It was brave to think that after sitting his A levels at Tapton School in Sheffield, then conquering Muirfield and Brookline in less than three months, he could go back to burying his head in the books.
So there was a mixed reaction to the decision he made in the new year that the return to school, on top of continuing his golf education under a new coach in a new country, was, in fact, one life lesson too far.
Pat Goss, Northwestern’s head coach and tutor of former world No 1 Luke Donald, expressed his surprise at Fitzpatrick’s decision to quit and there was the occasional sceptical headline.
But, by and large, the support he received from his peers – and most importantly his family – was vital.
“With the difficulties I was having and the list of amazing stuff I’d got coming up this year – which is an opportunity of a lifetime – it felt like the right decision,” he says, three months on and back at home in Sheffield.
“And I don’t regret it at all.
“I spoke to Pat Goss, which as you can imagine, wasn’t an easy conversation. But he understood the reasons. I’d have loved to have stayed but it just wasn’t right.”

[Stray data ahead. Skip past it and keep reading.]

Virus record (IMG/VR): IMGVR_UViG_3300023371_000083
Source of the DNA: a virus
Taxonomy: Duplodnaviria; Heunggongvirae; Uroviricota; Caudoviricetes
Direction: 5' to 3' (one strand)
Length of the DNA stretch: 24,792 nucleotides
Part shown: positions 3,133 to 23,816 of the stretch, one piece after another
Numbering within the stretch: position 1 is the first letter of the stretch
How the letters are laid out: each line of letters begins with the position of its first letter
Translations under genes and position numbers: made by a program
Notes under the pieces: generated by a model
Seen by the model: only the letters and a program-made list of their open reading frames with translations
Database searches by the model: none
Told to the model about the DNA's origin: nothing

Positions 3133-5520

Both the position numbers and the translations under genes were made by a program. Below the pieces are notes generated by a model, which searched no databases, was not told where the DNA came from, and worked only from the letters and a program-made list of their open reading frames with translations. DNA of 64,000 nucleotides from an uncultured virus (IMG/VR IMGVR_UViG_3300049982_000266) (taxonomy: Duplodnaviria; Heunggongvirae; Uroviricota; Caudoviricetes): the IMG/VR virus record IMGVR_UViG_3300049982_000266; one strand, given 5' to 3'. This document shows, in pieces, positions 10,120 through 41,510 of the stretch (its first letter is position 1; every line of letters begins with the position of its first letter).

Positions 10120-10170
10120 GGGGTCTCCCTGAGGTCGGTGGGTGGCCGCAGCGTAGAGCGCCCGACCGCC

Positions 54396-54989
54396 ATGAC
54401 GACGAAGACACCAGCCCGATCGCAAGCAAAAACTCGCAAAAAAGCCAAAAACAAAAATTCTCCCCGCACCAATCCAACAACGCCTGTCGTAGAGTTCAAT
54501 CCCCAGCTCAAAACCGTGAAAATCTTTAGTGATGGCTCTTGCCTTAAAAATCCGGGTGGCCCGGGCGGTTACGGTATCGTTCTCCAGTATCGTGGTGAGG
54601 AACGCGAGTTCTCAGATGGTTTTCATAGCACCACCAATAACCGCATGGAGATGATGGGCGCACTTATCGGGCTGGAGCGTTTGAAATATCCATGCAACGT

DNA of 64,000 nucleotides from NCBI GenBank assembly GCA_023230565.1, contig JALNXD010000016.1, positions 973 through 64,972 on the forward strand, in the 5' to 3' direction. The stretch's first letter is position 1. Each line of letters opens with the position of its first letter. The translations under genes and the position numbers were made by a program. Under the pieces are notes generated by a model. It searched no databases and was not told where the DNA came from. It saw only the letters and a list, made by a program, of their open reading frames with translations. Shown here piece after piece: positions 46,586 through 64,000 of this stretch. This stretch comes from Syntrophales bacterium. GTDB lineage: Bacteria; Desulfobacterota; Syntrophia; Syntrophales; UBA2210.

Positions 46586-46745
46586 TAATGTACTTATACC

It was understandable that Fitzpatrick wanted to put the brakes on a life that was speeding of control. But has it worked?
“It hasn’t calmed down that much. I’ve been playing a lot more golf but there’s been things I’ve had to learn,” he says.
“What it has enabled me to concentrate on, though, is the golf. I’m working five to six hours a day whereas in the autumn at college I was managing four hours a day.
“Then, in the final weeks at Northwestern, I was barely practicing at all because I was catching up on schoolwork.”
Now that he has afforded himself extra time with a club in his hands – back under the wing of long-time coach Mike Walker – he acknowledges that he has created expectation on his shoulders to repeat what he managed last year.
“I’ve created more pressure because I’ve placed all my eggs into one basket,” he says of quitting college. “Just because you can work on your game and put in the hours, it doesn’t mean it’s going to naturally click and you’re going to become a better player. There’s no guarantee that just because you’re practising more, you’ll automatically no longer struggle.”